A Forum reader recently asked:
“Can a anyone tell me how eDirectory is better than RDBMS and Active Directory?”
And here are the responses from Aaron Burgemeister, Jim Henderson, and Edward van der Maas …
It’s better than MAD; check the online information. It’s scalable, cross-platform, with full LDAP v3 support, and proven for fifteen years now.
eDirectory was shown years ago to scale to one billion objects, which I have never heard even approached by other directory implementations. Partitioning/replication
is simple and implemented by default with eDirectory, while others usually involve a fair bit of hacking and using little-known features just to get it to work. MAD does replication, but it replicates the entire domain everywhere, which isn’t very efficient.
A directory is neither “better” nor “worse” than any database. eDirectory has an RDBMS (FLAIM – FLexible Adaptable Information Management database engine ) built into it. But at the lowest levels, it is
a directory and behaves like one (FLAIM is for
performance boosts, as I recall). Directories are meant for certain tasks while databases are meant for others. Directories rarely go over a few million “objects” while a table of a few million rows in a database isn’t even pushing a small implementation that hard. Databases
are good at certain things and stink at others, and directories are the same. It depends on your needs.
To add to Aaron’s response with regards to FLAIM – FLAIM is not like a traditional RDBMS; structure-wise, it’s more like XML than what you’d expect to find in a traditional RDBMS. It uses a hierarchical tagged structure.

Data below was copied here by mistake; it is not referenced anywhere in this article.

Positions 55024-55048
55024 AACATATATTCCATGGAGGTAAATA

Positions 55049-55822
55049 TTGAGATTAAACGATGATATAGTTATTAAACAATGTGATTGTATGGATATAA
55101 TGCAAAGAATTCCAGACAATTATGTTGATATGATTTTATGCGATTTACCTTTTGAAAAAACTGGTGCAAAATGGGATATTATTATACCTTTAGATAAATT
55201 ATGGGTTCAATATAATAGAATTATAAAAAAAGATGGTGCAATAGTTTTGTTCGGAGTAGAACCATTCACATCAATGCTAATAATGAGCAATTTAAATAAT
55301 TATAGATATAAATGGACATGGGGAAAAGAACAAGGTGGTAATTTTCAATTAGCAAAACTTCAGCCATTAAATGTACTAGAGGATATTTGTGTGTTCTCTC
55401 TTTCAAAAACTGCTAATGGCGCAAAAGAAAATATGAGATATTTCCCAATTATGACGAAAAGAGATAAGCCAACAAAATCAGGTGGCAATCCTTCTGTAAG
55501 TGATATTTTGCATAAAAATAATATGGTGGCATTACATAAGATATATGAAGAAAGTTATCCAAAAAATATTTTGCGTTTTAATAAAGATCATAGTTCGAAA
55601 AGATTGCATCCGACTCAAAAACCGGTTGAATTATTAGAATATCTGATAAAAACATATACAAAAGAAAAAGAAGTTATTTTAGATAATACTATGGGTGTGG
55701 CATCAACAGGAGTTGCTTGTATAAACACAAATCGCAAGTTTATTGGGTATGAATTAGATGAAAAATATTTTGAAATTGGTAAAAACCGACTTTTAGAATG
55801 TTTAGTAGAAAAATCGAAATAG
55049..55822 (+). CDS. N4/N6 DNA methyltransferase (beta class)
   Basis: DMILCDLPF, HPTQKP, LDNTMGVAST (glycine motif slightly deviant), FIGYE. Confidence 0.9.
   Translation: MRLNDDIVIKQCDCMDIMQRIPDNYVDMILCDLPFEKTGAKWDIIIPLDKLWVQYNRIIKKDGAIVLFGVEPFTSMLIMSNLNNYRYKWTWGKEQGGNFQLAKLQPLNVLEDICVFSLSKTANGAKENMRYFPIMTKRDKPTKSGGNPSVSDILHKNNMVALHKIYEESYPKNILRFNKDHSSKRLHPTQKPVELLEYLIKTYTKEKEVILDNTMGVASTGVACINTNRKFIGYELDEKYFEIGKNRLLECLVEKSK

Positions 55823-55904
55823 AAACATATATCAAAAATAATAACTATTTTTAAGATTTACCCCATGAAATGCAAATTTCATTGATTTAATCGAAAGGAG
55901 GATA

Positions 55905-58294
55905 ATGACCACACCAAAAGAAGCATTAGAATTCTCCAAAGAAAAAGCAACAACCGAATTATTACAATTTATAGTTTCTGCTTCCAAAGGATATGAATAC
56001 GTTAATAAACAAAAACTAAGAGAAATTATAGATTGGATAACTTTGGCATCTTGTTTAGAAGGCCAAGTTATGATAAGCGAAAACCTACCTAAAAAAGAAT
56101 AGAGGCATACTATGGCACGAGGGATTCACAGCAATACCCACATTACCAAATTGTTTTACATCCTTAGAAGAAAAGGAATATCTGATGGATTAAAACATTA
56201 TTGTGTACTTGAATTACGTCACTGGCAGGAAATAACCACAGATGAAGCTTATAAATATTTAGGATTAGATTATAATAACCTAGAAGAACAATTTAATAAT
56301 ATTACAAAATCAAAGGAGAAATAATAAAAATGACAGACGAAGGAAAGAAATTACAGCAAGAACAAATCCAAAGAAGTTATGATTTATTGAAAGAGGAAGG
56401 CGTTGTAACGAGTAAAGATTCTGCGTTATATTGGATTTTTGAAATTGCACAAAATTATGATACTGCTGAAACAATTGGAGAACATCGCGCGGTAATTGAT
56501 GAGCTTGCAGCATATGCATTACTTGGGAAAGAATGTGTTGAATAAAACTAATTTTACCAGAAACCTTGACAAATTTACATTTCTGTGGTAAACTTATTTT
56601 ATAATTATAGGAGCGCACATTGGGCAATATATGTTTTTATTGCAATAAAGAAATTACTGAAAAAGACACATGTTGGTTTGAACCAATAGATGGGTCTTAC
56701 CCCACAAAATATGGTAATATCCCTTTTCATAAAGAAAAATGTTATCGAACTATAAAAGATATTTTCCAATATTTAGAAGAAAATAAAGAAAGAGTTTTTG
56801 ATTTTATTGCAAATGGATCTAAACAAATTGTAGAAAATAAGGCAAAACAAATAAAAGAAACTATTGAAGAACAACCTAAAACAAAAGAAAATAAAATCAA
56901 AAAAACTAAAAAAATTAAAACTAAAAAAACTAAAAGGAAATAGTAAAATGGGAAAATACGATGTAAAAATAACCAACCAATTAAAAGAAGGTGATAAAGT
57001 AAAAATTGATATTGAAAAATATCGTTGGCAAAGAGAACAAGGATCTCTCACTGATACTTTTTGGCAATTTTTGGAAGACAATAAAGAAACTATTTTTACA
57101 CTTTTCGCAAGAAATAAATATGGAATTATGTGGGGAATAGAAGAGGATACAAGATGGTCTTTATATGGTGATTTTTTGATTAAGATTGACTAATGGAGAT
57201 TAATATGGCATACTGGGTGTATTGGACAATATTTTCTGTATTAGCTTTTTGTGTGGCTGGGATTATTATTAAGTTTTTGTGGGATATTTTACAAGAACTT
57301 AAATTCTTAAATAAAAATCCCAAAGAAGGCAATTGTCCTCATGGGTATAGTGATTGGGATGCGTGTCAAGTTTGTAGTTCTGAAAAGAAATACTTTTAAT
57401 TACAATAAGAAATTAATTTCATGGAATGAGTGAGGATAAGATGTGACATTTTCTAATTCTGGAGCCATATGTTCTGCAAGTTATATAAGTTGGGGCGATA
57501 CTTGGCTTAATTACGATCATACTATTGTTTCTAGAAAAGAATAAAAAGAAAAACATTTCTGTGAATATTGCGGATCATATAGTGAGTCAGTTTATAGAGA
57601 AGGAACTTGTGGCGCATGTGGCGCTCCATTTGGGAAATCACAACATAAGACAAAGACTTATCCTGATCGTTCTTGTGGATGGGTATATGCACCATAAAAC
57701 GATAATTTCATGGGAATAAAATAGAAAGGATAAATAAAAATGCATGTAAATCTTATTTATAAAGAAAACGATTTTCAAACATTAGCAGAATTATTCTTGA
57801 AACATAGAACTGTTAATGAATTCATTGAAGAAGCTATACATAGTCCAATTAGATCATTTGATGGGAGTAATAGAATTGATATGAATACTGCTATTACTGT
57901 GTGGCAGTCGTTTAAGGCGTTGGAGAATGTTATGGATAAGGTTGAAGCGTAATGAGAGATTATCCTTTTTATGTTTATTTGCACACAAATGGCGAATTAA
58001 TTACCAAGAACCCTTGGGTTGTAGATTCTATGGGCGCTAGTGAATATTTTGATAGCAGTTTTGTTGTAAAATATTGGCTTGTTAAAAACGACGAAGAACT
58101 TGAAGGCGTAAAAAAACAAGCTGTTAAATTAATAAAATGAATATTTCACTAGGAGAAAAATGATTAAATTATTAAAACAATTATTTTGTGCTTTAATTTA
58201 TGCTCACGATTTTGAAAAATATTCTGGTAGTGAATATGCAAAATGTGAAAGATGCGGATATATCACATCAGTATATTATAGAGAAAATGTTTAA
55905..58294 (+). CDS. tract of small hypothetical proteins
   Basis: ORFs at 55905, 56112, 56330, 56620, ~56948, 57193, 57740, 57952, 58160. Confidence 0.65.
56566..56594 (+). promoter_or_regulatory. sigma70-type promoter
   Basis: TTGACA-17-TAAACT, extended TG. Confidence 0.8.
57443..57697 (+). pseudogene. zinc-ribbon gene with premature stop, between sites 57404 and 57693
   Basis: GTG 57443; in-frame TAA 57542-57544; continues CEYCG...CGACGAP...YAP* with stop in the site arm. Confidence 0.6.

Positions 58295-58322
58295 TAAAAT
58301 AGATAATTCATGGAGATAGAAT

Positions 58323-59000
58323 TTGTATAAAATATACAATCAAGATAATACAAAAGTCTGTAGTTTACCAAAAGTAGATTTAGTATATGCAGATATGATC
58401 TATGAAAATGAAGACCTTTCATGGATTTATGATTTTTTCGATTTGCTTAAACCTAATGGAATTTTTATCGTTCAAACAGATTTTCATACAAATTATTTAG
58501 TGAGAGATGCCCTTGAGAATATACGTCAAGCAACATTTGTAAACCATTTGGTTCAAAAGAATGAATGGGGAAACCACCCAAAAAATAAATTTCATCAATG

FLAIM itself is now released under the GPL and is available from forge.novell.com. It was originally developed to represent hierarchical data on a massive scale – the story is that it was initially developed and used for genealogical research and data storage.
From a design standpoint, FLAIM is designed specifically to store the types of data stored in a directory service; it is relational, using referential information to maintain integrity in the data store. So, for
example, when you add a user to a group, the user is not referenced by a string value (which could change), but rather by an object ID, so changes to the referenced object do not disrupt the relationship between the two
eDirectory uses FLAIM as the back-end data store, and adds to it a caching mechanism that provides outstanding performance in most applications of the service. This provides scalability into at least hundreds of millions of objects. It has a flexible and extensible object
class and attribute schema, and it can store virtually any type of data. (However, not all data types are appropriate to be stored – rapidly/frequently changing data, for example, is a bad type of data to put into any directory).
I can speak to Active Directory because I have history in working with it as well (last experience was with the version that came with Server 2000, so this might be a little outdated). Active Directory uses a traditional
RDBMS on the backend, similar to Microsoft Exchange’s (at the time I worked with it, it was the same engine, but now it may have changed – though I don’t believe it has). AD was an evolutionary development of the Exchange user data store, so I’ve been told.
The AD I worked with was significantly slower than the comparable eDirectory versions available at the time – mass change of object rights used to be a problem (though I understand that has been addressed), and in the initial releases, there were problems with data integrity getting